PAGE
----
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The 9 Best Tips for OS X 10.9 Mavericks

OS X 10.9 Mavericks has been out for a week and there seems to be no end to what you can read about it. In the interest of saving you time, here are the 9 best tips we’ve found for Apple’s latest desktop operating system.

Monitor Power Usage — Sick of running low on battery unexpectedly? 10.9 Mavericks makes it easy to see what applications might be sucking your juice. Click the battery icon in the menu bar to see which apps are currently using significant energy.

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That’s just the quick view – for full details, open Activity Monitor and click the Energy button, to see per-application data for both the current Energy Impact and Average Energy Impact. The latter even shows the energy impact of no-longer-running apps that were active in the past eight hours.


Save Power in Safari — Adobe Flash ads are annoying, and Flash is a major cause of fan noise and battery drain. Before Mavericks, you had to install an extension like ClickToFlash or uninstall Flash entirely to avoid it. Now, the ability to block Flash is built into Safari.

Open Safari > Preferences (or press Command-,), click Advanced, and check “Stop plug-ins to save power.” If a Details button appears, that means you’ve allowed some sites to use plug-ins all the time; click it to see and manage them.



Now, if you hover your mouse cursor over an animated block of plug-in-driven content in the margins of a Web page, you’ll see a Safari Power Saver notification pop up. If you click it, it enables that plug-in for the entire site.

Use an Xbox 360 Controller — You’ve long been able to connect a Playstation 3 controller to your Mac over Bluetooth, but the (IMHO superior) Xbox 360 controller didn’t work without a third-party driver like the Tattiebogle. Unfortunately, that driver interfered with games that had built-in support for the Xbox 360 controller, such as BioShock Infinite (see “FunBITS: In Praise of BioShock Infinite for Mac,” 6 September 2013).

Now you can use the Xbox 360 controller with any game. To test this, I tried my controller with the game Fez, recently released for Mac, which previously required the Tattibogle driver in 10.8 Mountain Lion. To my delight, the Xbox 360 controller worked straight away!

Presumably this support is an inadvertent side effect of either MFi game controller support or increased support for assistive devices (for more on those, see “Enabling System-Controlling Utilities in Mavericks,” 27 October 2013).

Move the Dock to Another Display — In Mavericks, the Mac finally gets support for a separate menu bar per display, but the Dock is still tied to a single display. Fortunately, there is an easy way to move it.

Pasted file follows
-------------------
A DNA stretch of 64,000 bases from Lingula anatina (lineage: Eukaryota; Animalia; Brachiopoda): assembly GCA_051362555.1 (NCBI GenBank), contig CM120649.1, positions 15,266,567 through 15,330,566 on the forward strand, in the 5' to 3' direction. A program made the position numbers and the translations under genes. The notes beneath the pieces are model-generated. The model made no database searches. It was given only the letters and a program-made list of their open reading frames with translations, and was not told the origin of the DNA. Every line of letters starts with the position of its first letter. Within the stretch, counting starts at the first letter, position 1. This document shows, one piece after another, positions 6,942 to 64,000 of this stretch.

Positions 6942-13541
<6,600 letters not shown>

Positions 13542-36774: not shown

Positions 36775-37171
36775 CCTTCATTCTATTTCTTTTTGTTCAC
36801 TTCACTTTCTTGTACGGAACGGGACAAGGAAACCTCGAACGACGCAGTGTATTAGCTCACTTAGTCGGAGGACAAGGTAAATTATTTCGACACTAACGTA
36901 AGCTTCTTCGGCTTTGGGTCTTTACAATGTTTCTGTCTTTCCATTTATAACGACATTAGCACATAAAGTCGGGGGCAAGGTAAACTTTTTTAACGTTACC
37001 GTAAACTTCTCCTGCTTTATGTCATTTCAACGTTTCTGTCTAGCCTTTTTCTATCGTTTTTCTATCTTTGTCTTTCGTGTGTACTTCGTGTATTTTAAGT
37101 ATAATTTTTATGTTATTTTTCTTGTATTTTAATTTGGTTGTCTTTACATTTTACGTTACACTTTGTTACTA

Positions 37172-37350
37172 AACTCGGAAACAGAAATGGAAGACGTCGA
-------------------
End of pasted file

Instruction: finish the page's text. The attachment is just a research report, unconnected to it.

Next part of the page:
Move your cursor to the other display, move your mouse cursor down, and keep moving it down until the Dock pops up. To move it back, just repeat the process on another monitor.

This is one of Apple’s stranger interface choices — almost like a video game cheat code.

Bypass Gatekeeper More Easily — In Mountain Lion, if you wanted to install an application that didn’t come from the Mac App Store or wasn’t signed by the developer, you either had to know the secret shortcut of Control-clicking the application and choosing Open from the contextual menu – which still works in Mavericks! – or you had to allow all applications to bypass Gatekeeper.

Mavericks makes it easier to bypass Gatekeeper for a single app. When you see the message telling you that Gatekeeper has prevented you from running an app, open the Security & Privacy pane of System Preferences. You’ll see a message telling you that the app was blocked. To open it, click Open Anyway.


Reveal Your Library Folder — Since 10.7 Lion, Apple has hidden the Library folder that’s inside your Home folder. Sure, you could access it with a command-line hack that had to be reinvoked after every operating system update (see “Dealing with Lion’s Hidden Library,” 20 July 2011), or by pressing Option while clicking the Finder’s Go menu, but now there’s a better way.

In the Finder, select your Home folder and choose View > Show View Options, or press Command-J. In the View Options window, click Show Library Folder.

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Insert Emoji Quickly — In every group, there’s at least one person who likes using cute emoji characters (Michael Cohen, we’re ? at you). Now you can be that person, thanks to the redesigned Character Viewer. In any text entry area, press Control-Command-Space to display it, after which you can click an emoji to enter it.

Swipe down on a trackpad to reveal a search field; an icon next to lets you switch back to the traditional look for Character Viewer.

Messages Trades Smileys for Emoji — Previously, when you typed

Text Shortcuts — In iOS 5, Apple implemented text shortcuts, which act as a sort of built-in TextExpander. They then added them to OS X 10.8 Mountain Lion, but there was no way to sync them — until Mavericks. If you’ve already created text shortcuts in iOS, then they should be available in 10.9.

To create or edit shortcuts, open System Preferences, then open Keyboard and the Text tab.


What We Didn’t Cover — There are tons of small changes and improvements in OS X 10.9 Mavericks that we didn’t touch on here, such as the powerful new Finder tagging capability. Stay tuned to TidBITS for in-depth coverage.

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